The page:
Suspicious and leery describe a feeling of distrust or unease towards something or someone. If you are suspicious of the person parked in front of your house, you believe they’re up to no good despite there being no evidence of danger. Suspicious can also describe the object of our mistrust—a suspicious person or package, whereas leery applies only to people or their feelings or thoughts towards something. If you are leery of strangers, you are cautious, wary, or untrusting around them, and maybe avoid them, but you don’t necessarily attribute evil to them: your misgivings may stem from something else—maybe you are shy, or were taught not to trust strangers. A person can also be leery of entering into a particular activity or situation: He remained leery of boats; I am leery about walking home alone at night.
A meeting is an organized gathering of people for a specific purpose or agenda: a staff meeting; a town meeting. Meeting usually implies a scheduled assembly of the members or employees of a particular organization. Rendezvous, with the same form for the singular as the plural, can be much more intriguing than meetings. A rendezvous is when two or more people meet up at a place and time they have agreed upon. It’s similar to an appointment, but occurs outside the workday environment, and the word can connote a secret or romantic meeting: a rendezvous between spies; a rendezvous with a lover. But the word rendezvous is just as apt for a social meetup at a bar or reuniting with a group after splitting up to explore a museum. Half the point of a rendezvous is to return to each other.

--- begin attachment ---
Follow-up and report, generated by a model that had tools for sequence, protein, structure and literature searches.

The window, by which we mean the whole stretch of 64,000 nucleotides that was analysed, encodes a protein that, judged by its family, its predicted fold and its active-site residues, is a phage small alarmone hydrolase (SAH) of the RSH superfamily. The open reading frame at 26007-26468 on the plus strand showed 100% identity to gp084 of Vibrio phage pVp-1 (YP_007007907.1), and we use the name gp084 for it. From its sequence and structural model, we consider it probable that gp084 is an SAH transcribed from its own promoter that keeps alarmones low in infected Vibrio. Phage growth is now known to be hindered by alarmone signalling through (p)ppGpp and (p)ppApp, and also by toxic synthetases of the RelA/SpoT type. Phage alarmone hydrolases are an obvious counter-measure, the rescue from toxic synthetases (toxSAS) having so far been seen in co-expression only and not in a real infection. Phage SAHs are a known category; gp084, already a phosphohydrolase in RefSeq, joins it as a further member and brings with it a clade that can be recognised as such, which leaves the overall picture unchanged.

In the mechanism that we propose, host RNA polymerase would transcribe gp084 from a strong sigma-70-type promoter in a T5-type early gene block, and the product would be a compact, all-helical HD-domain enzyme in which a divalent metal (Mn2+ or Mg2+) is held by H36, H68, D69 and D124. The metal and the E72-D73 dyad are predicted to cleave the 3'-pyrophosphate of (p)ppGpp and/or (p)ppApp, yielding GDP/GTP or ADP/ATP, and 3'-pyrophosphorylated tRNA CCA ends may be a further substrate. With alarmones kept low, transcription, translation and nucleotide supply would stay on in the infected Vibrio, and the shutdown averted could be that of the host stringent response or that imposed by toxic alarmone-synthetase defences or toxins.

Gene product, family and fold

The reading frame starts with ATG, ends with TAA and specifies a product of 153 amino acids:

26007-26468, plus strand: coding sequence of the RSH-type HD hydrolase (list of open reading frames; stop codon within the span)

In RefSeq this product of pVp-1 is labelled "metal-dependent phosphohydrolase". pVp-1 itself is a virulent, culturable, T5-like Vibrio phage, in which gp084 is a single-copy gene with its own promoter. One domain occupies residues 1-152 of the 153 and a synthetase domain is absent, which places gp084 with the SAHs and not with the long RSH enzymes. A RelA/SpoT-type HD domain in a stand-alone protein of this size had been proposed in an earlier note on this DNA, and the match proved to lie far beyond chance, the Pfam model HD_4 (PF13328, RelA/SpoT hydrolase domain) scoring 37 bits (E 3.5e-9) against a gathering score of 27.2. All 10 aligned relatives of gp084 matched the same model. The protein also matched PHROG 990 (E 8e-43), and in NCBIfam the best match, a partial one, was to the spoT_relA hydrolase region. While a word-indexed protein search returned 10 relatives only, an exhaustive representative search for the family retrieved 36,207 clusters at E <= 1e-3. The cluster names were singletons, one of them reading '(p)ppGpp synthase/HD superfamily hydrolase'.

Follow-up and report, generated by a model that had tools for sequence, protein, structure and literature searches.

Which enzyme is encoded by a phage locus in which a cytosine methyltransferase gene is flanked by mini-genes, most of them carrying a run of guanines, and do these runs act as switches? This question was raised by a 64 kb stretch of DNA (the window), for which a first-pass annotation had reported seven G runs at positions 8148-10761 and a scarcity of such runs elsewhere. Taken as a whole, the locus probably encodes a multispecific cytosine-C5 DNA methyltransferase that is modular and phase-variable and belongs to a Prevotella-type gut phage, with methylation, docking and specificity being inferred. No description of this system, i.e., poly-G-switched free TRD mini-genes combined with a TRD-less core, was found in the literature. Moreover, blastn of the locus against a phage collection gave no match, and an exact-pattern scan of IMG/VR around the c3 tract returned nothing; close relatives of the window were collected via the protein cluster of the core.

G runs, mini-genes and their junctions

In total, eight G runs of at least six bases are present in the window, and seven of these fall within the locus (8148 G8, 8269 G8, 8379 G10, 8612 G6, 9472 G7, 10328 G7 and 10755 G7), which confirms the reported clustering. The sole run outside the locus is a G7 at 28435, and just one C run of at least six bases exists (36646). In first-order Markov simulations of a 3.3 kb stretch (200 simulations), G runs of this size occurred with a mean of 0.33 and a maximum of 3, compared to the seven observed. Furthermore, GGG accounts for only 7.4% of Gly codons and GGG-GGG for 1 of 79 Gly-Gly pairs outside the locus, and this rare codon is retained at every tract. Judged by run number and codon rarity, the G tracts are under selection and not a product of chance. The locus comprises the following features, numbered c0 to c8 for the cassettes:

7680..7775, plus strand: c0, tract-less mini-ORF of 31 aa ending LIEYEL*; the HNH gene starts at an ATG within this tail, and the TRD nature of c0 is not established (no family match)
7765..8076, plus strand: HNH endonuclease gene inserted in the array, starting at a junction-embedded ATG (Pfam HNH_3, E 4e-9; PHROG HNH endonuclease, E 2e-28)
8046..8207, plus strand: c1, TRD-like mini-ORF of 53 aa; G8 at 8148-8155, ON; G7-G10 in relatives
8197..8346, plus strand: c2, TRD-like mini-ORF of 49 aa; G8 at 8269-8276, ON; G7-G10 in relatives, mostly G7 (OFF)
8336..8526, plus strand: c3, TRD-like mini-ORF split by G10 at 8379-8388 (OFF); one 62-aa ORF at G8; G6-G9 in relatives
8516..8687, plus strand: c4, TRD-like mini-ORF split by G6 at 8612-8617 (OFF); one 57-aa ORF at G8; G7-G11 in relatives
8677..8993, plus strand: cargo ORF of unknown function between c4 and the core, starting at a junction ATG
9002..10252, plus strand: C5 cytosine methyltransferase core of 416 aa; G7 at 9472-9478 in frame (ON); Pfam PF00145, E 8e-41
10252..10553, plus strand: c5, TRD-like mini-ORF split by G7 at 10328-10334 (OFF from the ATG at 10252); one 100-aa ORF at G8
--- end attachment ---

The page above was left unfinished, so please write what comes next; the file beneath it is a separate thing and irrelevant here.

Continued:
Showy and ostentatious are both used to describe conspicuous outward display, either designed to attract attention or likely to do so. Showy is the more forgiving word. No one would accuse showy flowers or birds’ showy plumage of being anything but eye-catchingly bold, bright, and colorful. However, showy can also suggest the tasteless flashiness of something “done for show”: showy taste in jewelry. Something ostentatious is blatantly intended to attract notice and to flaunt one’s superiority to others, like an ostentatious engagement ring or an ostentatious lifestyle. Not surprisingly, the word appears very frequently in the phrase ostentatious display, which is usually used of wealth, but can also apply to learning, religiosity, or any belonging capable of being extravagantly flaunted.